Don’t forget to taste Corsica’s history and culture. Ajaccio is the birthplace of Napoleon Bonaparte; the house where he grew up and the cathedral where he was baptised is open to visitors.
Bonifacio is unique: it is fortified and sits on steep limestone cliffs surrounded by the sea. Calvi allegedly offers the best food in Corsica in a large variety of restaurants and cafes. Bastia is a perfect place to wander and visit churches, museums, and local shops. Corsica’s stunning diversity, natural beauty, and unique history captivated us.
Whether you’re looking for iconic towns, stunning islands, or natural beauty, a yacht charter in France offers gems for everyone. Wherever you decide to sail in France, the food and wines are guaranteed to be “Magnifique".
The Best Yacht Options
You must pick suitable charter options to explore the best locations while sailing in France. There are several options available to you:
Your sailing holidays in France can be budgeted by this option which starts at €96 per day, making it the most affordable option. Our team at Boataround is happy to assist you with hiring a captain as well. Sailing Yachts offer various amenities, allowing you to choose depending on the comfort you need during your sailing trip.
You can always find an affordable option by selecting a Catamaran which starts from €91 per day. What’s more? This option allows you to experience ultimate comfort since it has vast living space above and below the deck.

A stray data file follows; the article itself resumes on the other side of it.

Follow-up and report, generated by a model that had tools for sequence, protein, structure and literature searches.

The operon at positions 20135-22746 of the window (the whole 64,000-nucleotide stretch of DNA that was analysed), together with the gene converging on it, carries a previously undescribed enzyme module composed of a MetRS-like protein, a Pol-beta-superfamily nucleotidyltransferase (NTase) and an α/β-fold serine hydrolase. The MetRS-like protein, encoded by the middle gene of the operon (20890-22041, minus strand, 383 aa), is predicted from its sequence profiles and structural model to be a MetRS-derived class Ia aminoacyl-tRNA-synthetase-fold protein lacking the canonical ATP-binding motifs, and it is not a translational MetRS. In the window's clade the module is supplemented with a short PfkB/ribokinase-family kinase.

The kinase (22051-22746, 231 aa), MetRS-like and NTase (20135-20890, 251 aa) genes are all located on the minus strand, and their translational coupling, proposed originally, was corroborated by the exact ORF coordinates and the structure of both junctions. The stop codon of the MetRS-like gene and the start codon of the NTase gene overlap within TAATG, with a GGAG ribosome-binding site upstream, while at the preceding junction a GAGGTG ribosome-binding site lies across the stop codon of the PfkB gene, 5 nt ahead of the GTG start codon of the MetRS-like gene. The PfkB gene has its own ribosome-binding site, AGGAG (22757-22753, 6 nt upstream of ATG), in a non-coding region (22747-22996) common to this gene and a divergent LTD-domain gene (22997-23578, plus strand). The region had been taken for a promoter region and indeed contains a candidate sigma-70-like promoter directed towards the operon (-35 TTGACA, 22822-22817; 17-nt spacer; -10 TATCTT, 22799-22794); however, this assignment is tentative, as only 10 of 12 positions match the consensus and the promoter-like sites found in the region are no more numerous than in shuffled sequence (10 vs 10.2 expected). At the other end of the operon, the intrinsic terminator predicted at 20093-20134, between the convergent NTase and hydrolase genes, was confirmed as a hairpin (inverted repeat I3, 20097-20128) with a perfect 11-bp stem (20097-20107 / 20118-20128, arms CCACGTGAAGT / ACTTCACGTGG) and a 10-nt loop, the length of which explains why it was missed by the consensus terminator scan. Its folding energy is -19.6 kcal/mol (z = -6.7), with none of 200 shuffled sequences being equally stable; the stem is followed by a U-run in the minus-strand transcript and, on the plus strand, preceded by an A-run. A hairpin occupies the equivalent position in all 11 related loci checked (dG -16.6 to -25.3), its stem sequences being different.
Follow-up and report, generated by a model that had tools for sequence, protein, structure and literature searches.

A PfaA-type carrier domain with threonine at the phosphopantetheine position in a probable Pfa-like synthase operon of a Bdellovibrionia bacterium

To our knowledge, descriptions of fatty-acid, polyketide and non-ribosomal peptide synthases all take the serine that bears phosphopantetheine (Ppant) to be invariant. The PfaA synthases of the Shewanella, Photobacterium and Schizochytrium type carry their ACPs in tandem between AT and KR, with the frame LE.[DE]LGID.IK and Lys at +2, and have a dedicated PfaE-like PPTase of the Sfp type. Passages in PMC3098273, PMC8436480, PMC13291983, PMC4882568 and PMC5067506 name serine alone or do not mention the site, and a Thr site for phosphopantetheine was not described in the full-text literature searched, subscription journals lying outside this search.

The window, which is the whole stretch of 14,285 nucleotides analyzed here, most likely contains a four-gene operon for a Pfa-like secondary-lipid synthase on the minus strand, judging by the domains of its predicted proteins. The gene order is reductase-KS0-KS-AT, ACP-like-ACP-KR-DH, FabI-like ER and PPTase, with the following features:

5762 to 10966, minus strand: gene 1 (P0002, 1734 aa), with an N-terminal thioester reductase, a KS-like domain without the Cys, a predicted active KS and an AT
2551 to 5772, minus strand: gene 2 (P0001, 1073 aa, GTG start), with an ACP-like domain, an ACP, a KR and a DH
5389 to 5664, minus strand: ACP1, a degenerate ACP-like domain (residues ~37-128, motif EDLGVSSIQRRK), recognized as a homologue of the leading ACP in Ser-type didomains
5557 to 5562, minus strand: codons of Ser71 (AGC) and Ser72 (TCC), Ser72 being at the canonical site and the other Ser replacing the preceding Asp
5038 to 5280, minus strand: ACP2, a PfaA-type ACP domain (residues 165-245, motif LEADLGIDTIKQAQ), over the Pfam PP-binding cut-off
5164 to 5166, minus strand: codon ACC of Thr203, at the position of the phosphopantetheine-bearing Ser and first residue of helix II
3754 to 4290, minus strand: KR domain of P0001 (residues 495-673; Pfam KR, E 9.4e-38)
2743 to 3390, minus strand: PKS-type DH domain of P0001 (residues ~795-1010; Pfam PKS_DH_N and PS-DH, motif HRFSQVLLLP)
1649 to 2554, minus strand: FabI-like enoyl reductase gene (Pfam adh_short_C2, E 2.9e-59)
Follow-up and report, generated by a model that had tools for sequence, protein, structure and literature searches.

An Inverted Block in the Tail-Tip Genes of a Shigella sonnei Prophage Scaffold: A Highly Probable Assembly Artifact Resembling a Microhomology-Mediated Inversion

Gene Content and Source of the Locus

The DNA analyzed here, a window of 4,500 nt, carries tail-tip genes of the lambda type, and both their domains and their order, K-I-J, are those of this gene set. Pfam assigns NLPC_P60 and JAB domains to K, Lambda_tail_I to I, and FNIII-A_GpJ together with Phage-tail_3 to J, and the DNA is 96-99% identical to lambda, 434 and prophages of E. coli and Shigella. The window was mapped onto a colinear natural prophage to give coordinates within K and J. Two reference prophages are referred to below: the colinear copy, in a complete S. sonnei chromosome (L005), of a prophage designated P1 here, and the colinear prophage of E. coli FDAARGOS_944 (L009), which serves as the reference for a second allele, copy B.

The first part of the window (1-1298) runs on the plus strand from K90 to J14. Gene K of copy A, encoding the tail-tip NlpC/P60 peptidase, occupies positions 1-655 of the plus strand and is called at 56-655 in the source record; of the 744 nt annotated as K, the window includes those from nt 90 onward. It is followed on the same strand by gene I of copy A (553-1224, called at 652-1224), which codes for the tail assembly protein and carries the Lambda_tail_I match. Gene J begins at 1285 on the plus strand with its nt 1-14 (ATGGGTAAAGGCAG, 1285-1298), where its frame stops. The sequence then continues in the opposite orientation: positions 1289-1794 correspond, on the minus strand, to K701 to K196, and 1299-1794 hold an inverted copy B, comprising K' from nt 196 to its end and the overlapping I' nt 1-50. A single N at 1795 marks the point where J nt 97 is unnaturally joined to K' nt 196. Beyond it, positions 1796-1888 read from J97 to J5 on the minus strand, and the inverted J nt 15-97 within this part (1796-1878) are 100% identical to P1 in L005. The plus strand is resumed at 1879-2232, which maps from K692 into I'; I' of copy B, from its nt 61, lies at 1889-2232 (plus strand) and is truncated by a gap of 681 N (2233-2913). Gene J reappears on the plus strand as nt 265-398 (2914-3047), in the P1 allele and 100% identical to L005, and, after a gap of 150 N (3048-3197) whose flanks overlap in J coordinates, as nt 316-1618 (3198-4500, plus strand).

It's obvious that France is the best destination if you’re looking for a canal cruise. Its canals and rivers form a vast network of routes, offering fantastic opportunities for boating holidays. Starting just from €39 per day.
What are the Regulations Of Sailing in France?
If you’re worried about the sailing in France regulations, you have every reason to. However, it’s not as complicated as it seems. First, if you are from an EU country, you don’t need customs clearance; just report to immigration. If your country facilitates a Schengen visa, you don’t need to clear through immigration. A boat license is required in French waters if the engine or engines have a power higher than 4.5 kW or 6 horsepower.
The International Certificate of Competency (ICC) and the International Sailing License and Credentials (SLC) are two of the most widely accepted certifications.
Lastly, if you want skippered sailing holidays in France and the skipper is from a non-EU country, they must report to the French ports of entry with the boat’s documents and passport.
How Is the Weather In the South Of France?
The weather is sunny from May to September, making it the best time to sail in France, especially if you’re a beginner. However, you must remember that most Marinas are crowded during this time, making it hard to find spaces. The best time for seasoned sailors who love to cruise while the wind blows through their faces is October to April.